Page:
Inaugural poet Richard Blanco recites his poem "Photo of a Man on Sunset Drive, circa 1914, 2008."

The South Florida engineer who became the youngest poet to read at a presidential inauguration — not to mention the first openly gay, as well as the first Hispanic to do so — is glad to be back in the city where his historic journey began.

"I really, really missed Miami," said Richard Blanco, 45, during a phone interview on Monday from his mother's Miami home. He lives in Bethel, Maine, with his partner. "There's so much love that came out of the city. I couldn't wait to get down here and do something with the community, which I'm so connected with obviously since I was four years old. It's where I became a writer and still what I write about in many of my books."

Blanco, a son of Cuban exiles who was born in Spain and brought to South Florida as a small child, will recite his poems at a free event at the Adrienne Arsht Center in downtown Miami on Friday. The event, which begins at 7:30 p.m., has been dubbed a "homecoming."

"Miami's such a great audience for me because I think they'll obviously get a lot of my work in ways that other people might not get as deeply," he said, "some of the things that we Miamians experience and deal with — from eating pork on Thanksgiving to other nuances — that wonderful and unique life that is Miami."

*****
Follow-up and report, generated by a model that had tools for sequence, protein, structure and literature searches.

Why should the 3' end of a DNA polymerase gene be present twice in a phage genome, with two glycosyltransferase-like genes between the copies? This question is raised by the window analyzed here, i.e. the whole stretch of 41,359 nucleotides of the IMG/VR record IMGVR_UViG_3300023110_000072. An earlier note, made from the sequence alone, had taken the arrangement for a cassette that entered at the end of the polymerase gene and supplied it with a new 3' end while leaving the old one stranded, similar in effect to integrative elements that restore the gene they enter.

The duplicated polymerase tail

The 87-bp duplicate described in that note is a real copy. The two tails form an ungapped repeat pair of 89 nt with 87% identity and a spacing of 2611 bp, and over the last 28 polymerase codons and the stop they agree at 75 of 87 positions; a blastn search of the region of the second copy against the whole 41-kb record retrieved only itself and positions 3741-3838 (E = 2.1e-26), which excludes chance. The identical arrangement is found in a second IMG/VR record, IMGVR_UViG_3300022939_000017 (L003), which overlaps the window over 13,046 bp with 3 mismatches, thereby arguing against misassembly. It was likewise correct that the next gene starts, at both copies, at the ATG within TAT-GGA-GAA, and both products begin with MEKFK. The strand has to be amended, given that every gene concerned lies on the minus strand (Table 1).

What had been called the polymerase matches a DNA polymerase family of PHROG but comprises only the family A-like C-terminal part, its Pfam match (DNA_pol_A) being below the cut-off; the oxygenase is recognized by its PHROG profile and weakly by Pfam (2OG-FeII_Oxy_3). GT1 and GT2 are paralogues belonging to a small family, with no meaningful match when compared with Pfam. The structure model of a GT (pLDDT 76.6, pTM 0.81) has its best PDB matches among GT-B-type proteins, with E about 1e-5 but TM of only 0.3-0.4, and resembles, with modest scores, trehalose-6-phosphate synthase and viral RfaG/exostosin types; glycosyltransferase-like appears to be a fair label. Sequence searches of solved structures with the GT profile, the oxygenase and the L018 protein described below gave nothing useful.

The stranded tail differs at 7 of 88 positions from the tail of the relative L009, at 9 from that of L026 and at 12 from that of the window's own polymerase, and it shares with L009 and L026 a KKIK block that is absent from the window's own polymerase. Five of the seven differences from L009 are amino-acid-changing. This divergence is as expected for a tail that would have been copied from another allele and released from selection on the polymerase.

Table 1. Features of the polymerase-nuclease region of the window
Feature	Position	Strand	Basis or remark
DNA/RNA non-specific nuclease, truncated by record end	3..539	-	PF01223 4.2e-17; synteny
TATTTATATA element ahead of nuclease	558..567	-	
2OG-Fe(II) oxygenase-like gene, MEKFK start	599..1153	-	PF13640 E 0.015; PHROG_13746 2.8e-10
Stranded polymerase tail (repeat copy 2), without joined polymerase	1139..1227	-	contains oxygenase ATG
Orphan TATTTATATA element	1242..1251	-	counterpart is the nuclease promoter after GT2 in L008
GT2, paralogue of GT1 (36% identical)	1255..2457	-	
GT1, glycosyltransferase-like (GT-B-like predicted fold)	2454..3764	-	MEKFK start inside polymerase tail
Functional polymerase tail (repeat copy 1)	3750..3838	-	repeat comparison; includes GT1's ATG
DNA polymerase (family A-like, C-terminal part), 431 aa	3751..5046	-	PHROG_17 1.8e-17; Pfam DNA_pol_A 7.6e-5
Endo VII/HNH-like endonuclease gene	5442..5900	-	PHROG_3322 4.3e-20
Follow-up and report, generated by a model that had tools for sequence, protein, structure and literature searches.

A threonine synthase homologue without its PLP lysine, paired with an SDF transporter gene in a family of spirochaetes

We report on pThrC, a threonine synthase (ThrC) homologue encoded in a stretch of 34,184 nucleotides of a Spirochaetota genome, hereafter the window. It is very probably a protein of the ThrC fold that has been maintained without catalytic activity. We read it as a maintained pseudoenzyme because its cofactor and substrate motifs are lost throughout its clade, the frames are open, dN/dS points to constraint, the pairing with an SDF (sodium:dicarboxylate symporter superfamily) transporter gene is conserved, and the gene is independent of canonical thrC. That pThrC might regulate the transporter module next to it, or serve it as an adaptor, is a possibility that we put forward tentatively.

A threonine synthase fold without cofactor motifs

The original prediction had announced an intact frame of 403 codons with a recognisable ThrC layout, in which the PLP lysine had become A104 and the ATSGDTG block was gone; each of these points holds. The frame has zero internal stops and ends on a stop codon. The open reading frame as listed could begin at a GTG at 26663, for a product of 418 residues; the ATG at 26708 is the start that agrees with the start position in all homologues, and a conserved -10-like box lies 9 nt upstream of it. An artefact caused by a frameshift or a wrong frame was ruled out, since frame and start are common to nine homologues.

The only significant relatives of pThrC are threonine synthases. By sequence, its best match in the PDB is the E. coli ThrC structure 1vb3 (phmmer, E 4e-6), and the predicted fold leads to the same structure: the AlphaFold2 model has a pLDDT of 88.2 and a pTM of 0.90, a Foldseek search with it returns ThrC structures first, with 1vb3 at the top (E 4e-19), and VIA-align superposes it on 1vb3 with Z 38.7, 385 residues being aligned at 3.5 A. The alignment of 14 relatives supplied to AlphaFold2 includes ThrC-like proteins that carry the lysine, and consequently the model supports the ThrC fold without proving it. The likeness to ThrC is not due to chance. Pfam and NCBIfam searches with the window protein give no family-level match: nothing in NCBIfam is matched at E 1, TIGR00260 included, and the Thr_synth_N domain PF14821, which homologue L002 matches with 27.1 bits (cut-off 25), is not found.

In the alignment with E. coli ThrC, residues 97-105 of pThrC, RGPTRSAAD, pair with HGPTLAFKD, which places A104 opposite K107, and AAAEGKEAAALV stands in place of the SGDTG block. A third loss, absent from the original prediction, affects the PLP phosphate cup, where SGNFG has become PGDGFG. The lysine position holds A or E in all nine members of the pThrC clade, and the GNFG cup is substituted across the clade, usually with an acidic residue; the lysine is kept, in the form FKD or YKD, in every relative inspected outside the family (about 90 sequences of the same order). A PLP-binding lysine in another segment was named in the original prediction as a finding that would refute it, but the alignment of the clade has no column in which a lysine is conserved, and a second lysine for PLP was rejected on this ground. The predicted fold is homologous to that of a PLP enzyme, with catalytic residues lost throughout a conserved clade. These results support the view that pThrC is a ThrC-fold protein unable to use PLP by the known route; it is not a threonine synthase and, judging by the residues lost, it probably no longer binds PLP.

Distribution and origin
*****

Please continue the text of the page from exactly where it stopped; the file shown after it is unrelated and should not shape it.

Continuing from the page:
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At the event, he also will read his inaugural poem, "One Today," which he said will be published as a commemorative booklet by the University of Pittsburgh Press in the next few weeks.

"One Today," a poem about the shared experience of Americans across the country, was one of three Blanco had to write before the swearing-in ceremony. The poem was then approved by the inaugural committee, though, for Blanco, it took more than one draft for the poem to feel right.

"In the first draft, 'One Today' wasn't exactly my favorite," Blanco said. "But after I worked on it, it really became my favorite poem, for more reasons than one. It was the most appropriate for the moment. It had the right tone and embrace and exclusivity that I thought the occasion demanded and called for."

The other two poems will not wither away in one of the poet's desk drawers, as Blanco is working on a collection of all inaugural poems to be published with Spanish-language translations and a preface.

"They're very different from the one that I read, and we wanted to share those at some point in book form," he said.

His future plans include writing poems about his parents and attending the O, Miami Poetry Festival, a month-long celebration in April.

In the meantime, he can't wait to hear what the president thought about his poem.

"A White House contact told me they were sending some kind of thank you note or letter," Blanco said. "I'm looking forward to that, because I really am curious to know what [Obama] thought of the poem, you know, right from him."

For tickets, visit arshtcenter.org or call 305-949-6722. Though the event is free, reservations are required for tickets.